What’s particularly interesting to me about this is that there were never any hard feelings on either side when long gaps in communication occurred. The close, lifelong connection was simply assumed, and nobody ever had an attitude about its relapse and recurrence in terms of actual communication. The fond memories were solid, and the heart connection was never in doubt in both our souls.
I actually have one friend that recently reached out to me that I met in the first grade, so my math says that’s over 50 years! I met Chris Monty in school, and within a few years my best early childhood friend became my nextdoor neighbor, much to our surprise and good fortune! We went to the same high school but drifted apart at that point somewhat (but not entirely—read “Learning to Drive in 1975”) because we met new (really additional) lifelong friends there and hung out with different crowds. We hadn’t stayed in touch literally for almost 40 years, and when Chris heard through the parental grapevine about my ALS condition, he reached right out to me and we’ve been sharing awesome childhood memories ever since.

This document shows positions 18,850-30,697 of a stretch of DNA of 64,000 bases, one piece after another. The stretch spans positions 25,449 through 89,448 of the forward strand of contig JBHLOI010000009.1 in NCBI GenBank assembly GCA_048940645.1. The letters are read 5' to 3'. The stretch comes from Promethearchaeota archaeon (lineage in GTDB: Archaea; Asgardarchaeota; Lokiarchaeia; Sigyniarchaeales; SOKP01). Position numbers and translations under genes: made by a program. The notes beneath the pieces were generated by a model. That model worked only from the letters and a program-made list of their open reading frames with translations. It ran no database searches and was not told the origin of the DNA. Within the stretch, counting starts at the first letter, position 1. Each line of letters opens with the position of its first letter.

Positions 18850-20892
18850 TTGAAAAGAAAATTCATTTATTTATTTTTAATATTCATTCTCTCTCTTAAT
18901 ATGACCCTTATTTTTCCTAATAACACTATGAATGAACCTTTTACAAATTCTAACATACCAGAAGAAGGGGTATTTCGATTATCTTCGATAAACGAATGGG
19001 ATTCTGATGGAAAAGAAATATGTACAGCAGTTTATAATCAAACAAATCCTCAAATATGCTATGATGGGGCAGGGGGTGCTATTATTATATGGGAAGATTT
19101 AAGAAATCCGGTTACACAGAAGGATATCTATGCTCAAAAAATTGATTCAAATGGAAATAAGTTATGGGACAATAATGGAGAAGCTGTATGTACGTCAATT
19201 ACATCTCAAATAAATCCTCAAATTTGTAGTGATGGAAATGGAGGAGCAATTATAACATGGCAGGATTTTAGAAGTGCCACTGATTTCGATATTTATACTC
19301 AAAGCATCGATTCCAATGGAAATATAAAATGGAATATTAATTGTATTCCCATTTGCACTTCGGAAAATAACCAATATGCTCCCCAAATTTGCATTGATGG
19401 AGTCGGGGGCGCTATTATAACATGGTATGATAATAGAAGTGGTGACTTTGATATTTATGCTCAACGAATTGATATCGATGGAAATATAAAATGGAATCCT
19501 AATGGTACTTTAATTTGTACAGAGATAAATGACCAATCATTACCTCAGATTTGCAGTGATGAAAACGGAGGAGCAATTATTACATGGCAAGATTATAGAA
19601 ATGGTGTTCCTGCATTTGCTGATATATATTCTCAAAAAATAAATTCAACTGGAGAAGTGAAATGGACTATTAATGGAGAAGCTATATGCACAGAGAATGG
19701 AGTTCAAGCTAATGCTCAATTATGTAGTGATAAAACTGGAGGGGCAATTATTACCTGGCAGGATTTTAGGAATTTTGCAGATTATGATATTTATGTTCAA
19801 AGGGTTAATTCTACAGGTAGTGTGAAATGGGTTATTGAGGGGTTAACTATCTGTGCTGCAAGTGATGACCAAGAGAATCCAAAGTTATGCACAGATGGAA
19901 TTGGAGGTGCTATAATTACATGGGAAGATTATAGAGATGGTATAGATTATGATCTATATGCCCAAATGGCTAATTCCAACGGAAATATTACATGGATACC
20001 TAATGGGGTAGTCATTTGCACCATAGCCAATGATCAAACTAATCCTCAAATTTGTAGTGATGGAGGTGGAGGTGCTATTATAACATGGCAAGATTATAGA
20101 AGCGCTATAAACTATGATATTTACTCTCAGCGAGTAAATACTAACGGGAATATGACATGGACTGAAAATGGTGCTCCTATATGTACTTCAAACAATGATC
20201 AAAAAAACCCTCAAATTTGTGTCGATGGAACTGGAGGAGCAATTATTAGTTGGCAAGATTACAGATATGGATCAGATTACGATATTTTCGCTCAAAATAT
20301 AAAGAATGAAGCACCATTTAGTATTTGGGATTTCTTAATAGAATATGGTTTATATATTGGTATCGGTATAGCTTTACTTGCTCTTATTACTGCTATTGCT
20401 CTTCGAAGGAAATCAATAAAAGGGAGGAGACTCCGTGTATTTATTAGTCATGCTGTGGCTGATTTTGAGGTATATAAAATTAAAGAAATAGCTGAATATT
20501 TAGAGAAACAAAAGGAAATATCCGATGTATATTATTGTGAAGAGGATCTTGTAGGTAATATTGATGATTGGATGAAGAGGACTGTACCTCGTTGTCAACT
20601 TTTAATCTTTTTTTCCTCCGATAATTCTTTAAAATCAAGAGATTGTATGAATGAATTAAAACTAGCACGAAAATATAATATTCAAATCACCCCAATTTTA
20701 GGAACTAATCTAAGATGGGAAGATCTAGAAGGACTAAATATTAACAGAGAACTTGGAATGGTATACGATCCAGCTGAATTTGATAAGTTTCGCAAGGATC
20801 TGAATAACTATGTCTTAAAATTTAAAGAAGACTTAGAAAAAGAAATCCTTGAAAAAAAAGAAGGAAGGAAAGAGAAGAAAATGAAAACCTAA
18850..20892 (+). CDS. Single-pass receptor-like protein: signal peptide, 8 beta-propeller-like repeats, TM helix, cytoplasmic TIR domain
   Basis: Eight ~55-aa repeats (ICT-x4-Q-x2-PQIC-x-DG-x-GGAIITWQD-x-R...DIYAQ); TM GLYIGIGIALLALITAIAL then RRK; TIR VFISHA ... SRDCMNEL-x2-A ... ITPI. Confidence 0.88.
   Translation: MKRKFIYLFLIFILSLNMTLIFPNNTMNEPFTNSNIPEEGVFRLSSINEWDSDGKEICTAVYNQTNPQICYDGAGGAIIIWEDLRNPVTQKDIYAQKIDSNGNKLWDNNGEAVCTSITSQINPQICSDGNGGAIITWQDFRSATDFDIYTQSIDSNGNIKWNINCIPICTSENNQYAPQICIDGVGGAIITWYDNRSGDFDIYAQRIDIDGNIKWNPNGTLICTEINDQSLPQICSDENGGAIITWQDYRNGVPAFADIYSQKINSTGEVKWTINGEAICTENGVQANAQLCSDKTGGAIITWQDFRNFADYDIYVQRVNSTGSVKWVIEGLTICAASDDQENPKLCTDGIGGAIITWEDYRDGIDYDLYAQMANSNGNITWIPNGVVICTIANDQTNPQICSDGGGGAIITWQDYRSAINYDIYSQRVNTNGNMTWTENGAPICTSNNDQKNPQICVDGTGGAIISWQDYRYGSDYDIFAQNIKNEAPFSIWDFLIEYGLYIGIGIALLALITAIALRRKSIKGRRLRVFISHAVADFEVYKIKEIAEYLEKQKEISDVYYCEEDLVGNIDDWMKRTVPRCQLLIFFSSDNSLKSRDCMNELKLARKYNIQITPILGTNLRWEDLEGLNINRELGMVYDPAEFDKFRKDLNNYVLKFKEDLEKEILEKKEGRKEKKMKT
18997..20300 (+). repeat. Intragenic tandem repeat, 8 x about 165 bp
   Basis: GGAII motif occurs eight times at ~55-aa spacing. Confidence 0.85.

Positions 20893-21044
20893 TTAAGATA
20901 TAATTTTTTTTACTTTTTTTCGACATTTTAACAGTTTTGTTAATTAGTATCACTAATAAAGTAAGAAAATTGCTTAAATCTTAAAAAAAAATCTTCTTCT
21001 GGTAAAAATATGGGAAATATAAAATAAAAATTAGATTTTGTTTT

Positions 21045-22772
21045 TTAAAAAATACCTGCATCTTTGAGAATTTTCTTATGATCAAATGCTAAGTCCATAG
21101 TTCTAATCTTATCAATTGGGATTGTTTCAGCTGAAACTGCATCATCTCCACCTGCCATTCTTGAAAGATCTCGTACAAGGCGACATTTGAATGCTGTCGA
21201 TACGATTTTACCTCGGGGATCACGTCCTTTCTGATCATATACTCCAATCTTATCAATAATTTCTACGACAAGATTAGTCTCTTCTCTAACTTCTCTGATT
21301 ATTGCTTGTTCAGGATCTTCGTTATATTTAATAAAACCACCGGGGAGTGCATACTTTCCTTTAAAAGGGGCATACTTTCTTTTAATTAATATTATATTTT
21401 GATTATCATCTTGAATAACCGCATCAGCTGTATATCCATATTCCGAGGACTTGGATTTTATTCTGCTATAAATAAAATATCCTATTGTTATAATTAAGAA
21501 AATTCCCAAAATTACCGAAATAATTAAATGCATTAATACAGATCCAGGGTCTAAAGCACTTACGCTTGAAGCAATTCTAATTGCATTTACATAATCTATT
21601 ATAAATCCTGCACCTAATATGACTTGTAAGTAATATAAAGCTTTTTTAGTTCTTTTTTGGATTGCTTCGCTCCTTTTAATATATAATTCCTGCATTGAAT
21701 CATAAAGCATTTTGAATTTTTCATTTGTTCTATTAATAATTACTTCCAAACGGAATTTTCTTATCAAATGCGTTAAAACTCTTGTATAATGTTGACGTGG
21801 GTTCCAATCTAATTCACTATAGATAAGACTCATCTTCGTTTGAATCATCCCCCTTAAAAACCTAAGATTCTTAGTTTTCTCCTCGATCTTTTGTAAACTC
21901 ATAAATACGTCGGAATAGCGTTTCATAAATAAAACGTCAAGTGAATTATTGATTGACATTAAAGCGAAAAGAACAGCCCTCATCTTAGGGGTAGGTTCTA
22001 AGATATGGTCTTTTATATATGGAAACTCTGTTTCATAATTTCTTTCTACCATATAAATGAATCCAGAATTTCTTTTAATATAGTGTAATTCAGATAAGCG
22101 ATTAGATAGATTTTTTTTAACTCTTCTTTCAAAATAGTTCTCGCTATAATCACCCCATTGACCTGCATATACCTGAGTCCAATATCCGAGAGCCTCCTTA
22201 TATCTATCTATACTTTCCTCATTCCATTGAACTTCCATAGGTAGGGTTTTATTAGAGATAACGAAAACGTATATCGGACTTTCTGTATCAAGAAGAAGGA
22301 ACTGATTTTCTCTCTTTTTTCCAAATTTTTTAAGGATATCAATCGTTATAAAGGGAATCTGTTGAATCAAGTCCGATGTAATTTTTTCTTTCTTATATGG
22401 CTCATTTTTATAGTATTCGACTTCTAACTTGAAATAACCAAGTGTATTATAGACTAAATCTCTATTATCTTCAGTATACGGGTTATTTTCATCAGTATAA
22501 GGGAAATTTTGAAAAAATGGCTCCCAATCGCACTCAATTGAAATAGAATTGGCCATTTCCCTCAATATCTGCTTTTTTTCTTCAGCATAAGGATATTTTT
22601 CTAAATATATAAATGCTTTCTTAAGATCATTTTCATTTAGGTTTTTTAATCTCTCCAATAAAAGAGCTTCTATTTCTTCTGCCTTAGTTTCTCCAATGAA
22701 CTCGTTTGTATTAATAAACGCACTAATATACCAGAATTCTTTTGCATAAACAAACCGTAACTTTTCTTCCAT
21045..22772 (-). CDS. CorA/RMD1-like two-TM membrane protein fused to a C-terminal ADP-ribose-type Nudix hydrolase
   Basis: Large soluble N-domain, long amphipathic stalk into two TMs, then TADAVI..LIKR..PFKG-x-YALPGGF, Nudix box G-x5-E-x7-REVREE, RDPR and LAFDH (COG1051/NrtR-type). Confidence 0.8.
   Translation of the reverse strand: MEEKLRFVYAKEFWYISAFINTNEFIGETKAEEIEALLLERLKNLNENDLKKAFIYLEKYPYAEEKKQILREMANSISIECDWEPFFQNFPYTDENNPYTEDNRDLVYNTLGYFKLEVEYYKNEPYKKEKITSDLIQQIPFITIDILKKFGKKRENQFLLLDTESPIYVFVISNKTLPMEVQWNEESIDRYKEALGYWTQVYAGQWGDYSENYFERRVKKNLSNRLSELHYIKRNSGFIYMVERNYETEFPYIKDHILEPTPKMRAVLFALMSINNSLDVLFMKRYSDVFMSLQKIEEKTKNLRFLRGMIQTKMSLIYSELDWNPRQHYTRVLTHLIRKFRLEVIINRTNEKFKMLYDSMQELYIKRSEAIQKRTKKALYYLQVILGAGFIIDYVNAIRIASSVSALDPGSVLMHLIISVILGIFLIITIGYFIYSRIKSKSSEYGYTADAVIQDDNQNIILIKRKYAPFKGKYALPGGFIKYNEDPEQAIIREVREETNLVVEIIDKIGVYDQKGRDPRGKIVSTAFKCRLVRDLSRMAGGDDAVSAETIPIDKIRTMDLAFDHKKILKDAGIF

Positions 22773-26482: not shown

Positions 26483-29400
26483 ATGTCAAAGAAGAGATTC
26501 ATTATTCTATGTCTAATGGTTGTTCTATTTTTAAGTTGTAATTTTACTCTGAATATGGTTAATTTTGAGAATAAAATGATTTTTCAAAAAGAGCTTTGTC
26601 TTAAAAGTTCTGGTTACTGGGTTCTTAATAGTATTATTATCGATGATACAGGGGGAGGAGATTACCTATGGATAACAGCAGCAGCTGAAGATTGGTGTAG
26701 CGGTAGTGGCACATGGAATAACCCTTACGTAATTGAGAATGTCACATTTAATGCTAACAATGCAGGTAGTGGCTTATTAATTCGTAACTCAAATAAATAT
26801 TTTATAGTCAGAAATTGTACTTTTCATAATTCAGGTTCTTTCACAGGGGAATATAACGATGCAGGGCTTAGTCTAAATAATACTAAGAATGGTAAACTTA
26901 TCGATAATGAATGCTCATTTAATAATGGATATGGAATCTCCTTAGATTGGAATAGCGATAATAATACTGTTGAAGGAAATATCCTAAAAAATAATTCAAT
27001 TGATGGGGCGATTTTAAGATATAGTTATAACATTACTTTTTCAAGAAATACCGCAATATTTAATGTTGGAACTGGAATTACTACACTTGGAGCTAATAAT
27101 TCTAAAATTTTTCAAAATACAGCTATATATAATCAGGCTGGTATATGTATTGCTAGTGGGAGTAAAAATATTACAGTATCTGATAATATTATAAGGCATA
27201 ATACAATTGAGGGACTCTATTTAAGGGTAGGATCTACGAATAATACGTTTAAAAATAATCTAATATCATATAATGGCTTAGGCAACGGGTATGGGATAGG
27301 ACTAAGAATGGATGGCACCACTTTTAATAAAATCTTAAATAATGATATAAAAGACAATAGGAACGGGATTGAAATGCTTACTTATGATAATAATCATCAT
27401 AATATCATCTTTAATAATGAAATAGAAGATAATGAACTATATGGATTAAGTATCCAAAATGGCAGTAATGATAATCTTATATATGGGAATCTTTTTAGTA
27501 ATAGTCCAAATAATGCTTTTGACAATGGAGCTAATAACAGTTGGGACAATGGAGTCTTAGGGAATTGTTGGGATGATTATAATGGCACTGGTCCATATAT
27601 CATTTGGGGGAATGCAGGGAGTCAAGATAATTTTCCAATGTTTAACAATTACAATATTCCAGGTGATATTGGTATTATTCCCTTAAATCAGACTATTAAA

We’re both over 55 now, and the last time we talked we were about 17. But it’s like time never passed, and Chris remembers our childhood with the same gratitude I do now. Talk about something to be grateful for! There isn’t any other person on earth I could share those really early memories with, and I’m so glad he reached out to me now. I have a couple of other friends who I hadn’t talked to more than a few times in the past 25 years make it a point to visit me from my hometown of Milwaukee recently. What’s been extra cool about this is that all of them reminded me of some more awesome shit I experienced decades ago that I had completely forgotten about! I’ve added a few new things to my list of gratitude stories, and I’ll do my best to get them out before I can’t type anymore, dammit!
What’s interesting (and sad really) is that I know plenty of people who don’t have a bunch of “friends for life” at all. We’ve had detailed discussions about it, and they seem incredulous as I talk about a dozen different people who live all over the country as they try to keep all the people I’m telling stories about straight in their minds. They typically have one or two close friends they’ve stayed in touch with regularly, or they quickly lose the connection with a former “best friend” when they get married, have kids, move, or some other life event.